Driving an Outback in Subaru-crazy Seattle is just about as incognito as one can get. You can further disappear into the Evergreen State background if your Outback is Autumn Green Metallic. And that’s how we blended in for a week in a town where the Outback has been the top-selling vehicle several years, and where Subarus constitute 12% of all vehicles sold (2.5 times the brand’s market share nationwide). A few cars are outselling the Outback so far this year — but that's OK, because one of them is the Subaru Forester.
Our disguise for a week was a 2020 Outback Touring, the top trim level, which starts at $38,355 including destination fee. For that sum, which is nearly $12,000 more than a base Outback, you get a quite-nice interior done up in warm Java Brown Nappa Leather, with sunroof, 18-inch black aluminum alloy wheels, satin-chrome side mirrors, body-color door handles, heated steering wheel, and driver-distraction mitigation system. It’s a handsome package, especially the 11.6-inch Starlink touchscreen built into a monolithic, smooth black glass center stack, though the HVAC controls in particular are a curious mix of analog and digital. And it all rides on a new, stiffer platform — making the Outback inwardly new from the ground up, even though it was outwardly designed to look pretty much like it always has. It’s a conservative, don’t-mess-with-success design approach that Subaru also used on the new Forester.
What you don’t get, at least not on this Outback tester nor the one we drove a few months ago in our first-drive review, is a whole lot of power. Both cars were equipped with Subaru’s base 2.5-liter boxer four-cylinder engine that doesn’t reach its peak 182 horsepower until 5,800 rpm, with peak torque of 176 pound-feet at 4,400 rpm. Curb weight on the Touring is 3,772 pounds. Horsepower is up by a mere seven over last year, torque by two pound-feet. Here in Subaru city, I’ve known Outback owners who praise their car's virtues but almost apologetically slip in a qualifier: A little more power would’ve been nice.
Subaru has a solution for that — the optional XT engine, a 2.4-liter turbocharged engine putting out a that’s-more-like-it 260 horsepower and 277 lb-ft of torque. The turbo four takes the place of the 3.6-liter flat-six that was offered through 2019. But the MSRPs for the XT trims are a big step up – $4,300 to go from Limited to Limited XT, $2,350 from Touring to Touring XT – to a total ranging from $35,905 to $40,705. The other way an XT will cost you is fuel economy, with EPA ratings down 3 mpg across the board compared to the non-turbo’s excellent 26 mpg city, 33 highway, 29 overall. As John Snyder found in his review, the XT is the one you’ll want if you’ll be heading to the mountains or come close to its 3,500 lbs tow rating. Or if you drove a WRX before you got married and had kids.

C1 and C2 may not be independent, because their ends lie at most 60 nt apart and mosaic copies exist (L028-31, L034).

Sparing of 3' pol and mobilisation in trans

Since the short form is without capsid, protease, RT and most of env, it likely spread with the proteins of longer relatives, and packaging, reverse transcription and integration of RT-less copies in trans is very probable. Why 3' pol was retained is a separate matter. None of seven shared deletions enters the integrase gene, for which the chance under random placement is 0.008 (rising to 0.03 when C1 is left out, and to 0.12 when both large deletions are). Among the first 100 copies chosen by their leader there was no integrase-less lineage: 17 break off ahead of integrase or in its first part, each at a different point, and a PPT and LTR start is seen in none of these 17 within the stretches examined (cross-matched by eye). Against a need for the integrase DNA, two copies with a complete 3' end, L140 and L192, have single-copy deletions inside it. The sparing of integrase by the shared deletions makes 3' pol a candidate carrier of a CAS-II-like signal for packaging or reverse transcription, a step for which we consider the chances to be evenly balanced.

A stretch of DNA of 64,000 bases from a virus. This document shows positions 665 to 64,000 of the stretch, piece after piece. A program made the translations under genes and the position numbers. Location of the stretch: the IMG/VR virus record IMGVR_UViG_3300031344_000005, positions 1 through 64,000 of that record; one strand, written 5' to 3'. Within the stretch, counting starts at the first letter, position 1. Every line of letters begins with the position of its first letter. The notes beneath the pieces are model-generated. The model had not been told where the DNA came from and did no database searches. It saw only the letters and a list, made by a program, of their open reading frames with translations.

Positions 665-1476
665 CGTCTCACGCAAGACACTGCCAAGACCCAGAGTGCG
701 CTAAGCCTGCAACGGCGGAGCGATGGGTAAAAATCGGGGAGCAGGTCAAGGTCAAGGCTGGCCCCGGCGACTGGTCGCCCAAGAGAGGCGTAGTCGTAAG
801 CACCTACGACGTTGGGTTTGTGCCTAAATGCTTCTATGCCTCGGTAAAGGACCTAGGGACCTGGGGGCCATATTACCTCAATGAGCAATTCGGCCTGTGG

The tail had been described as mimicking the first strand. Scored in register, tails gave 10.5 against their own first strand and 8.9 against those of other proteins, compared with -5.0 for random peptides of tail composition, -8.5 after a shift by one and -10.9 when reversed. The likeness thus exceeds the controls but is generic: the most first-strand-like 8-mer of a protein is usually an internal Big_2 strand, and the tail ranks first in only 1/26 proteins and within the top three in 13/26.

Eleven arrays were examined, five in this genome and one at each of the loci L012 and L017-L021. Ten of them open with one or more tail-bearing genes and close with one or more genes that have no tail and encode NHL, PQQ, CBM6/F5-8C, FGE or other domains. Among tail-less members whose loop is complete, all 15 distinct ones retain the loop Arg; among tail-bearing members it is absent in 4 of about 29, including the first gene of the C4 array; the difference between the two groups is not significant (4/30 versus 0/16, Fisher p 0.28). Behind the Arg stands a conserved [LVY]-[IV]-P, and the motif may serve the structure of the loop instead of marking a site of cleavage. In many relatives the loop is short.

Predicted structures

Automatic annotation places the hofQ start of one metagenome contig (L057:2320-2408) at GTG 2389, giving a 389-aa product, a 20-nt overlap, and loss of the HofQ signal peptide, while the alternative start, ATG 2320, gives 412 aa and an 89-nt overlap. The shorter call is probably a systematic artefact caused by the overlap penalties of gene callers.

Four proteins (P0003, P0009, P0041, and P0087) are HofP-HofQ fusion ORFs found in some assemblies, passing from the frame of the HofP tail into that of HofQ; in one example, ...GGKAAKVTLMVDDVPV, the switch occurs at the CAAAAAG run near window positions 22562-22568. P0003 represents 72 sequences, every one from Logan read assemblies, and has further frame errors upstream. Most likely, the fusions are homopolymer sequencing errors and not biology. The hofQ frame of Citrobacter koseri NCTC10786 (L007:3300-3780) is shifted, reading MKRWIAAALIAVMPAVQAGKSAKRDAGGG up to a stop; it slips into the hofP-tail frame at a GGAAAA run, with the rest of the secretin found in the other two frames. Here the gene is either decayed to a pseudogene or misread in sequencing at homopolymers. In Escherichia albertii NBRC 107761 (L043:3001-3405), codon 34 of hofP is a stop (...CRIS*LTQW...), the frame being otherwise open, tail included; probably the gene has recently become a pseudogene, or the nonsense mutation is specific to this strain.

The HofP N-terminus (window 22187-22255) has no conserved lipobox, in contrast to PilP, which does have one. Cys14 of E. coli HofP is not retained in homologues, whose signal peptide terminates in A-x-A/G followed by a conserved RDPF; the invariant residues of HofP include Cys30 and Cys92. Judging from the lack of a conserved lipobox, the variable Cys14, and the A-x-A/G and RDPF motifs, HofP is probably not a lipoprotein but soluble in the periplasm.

In the flats of Western Washington, crawling through interminable Seattle traffic, the base engine is perfectly fine. You don’t need a turbocharger in the madding crowd. Accelerating up onramps, you wonder how much longer it’s going to take to get you to a 60 mph merging speed, and the answer is 9 seconds or a bit less. The engine sounds like a lot is happening, more than there actually is.
But the Outback’s persona is the great outdoors. So what if you want to break away and head into the mountains to ski or hike? How would the base engine feel then? We decided to make a quick climb up I-90 to Snoqualmie Pass. Though it's the Cascades’ lowest east-west pass, at a hair over 3,000 feet, the big rigs struggle to pull some of Snoqualmie's grades. And it’s the backbone of the Mountains to Sound Greenway, the thoroughfare to 1.5 million acres of scenic outdoor recreation that beckon the Outback demographic.
In winter, with average annual snowfall of more than 400 inches, getting up and down Snoqualmie Summit can be gnarly at times — one of the reasons Subarus are so popular here. But I headed up on a cold, sunny fall day, some of the last nice weather before the snow sets in.
And how did the engine do? The right word would be: fine. There was power enough. The higher I went, the more the speed wanted to drop off, the more I urged it forward. Soon my foot was pretty far into it, but there was some pedal to spare, and when goosed back up to speed the engine responded with a willing snarl. "Gearing down" the CVT with the paddle shifters helped at times. You're definitely aware you're climbing.
The greater challenge was not the incline, but the crosswinds. There was a pretty hard blow, stiff enough that some of the semis were pulled over until it passed. SUVs and pickups were getting pushed around. But this is one of the many situations in which a wagon outshines an SUV, with a more carlike profile presenting less surface area to the wind. The Outback’s light steering, though, meant a gust could give the wagon a shove before a correction could be made. It's not a big box on wheels, yet the Outback has plenty of space for five, and a maximum cargo capacity of 75.7 cubic feet with the rear seats down, virtually identical to the excellent CR-V.
At the summit, the weather was 25 degrees and sunny, with the Outback stopped in a ski-area parking lot that about three weeks hence will be filled with thousands more Outbacks. There was a mean bite to the wind that discouraged loitering, so down the mountain we went, making 31.7 mpg on the round trip. I've no doubt the mileage would have been better without the wind or the lowland traffic.
From mountains to Sound, the base Subaru engine is enough to get the job done. If you want more power, it's available for purchase. I probably would. But you’ll spend more, and you’ll burn more gas with the turbo. Most Outback buyers will likely just take the base engine, count their savings, and enjoy a perennially well-rounded, high-riding, comfortable anti-SUV.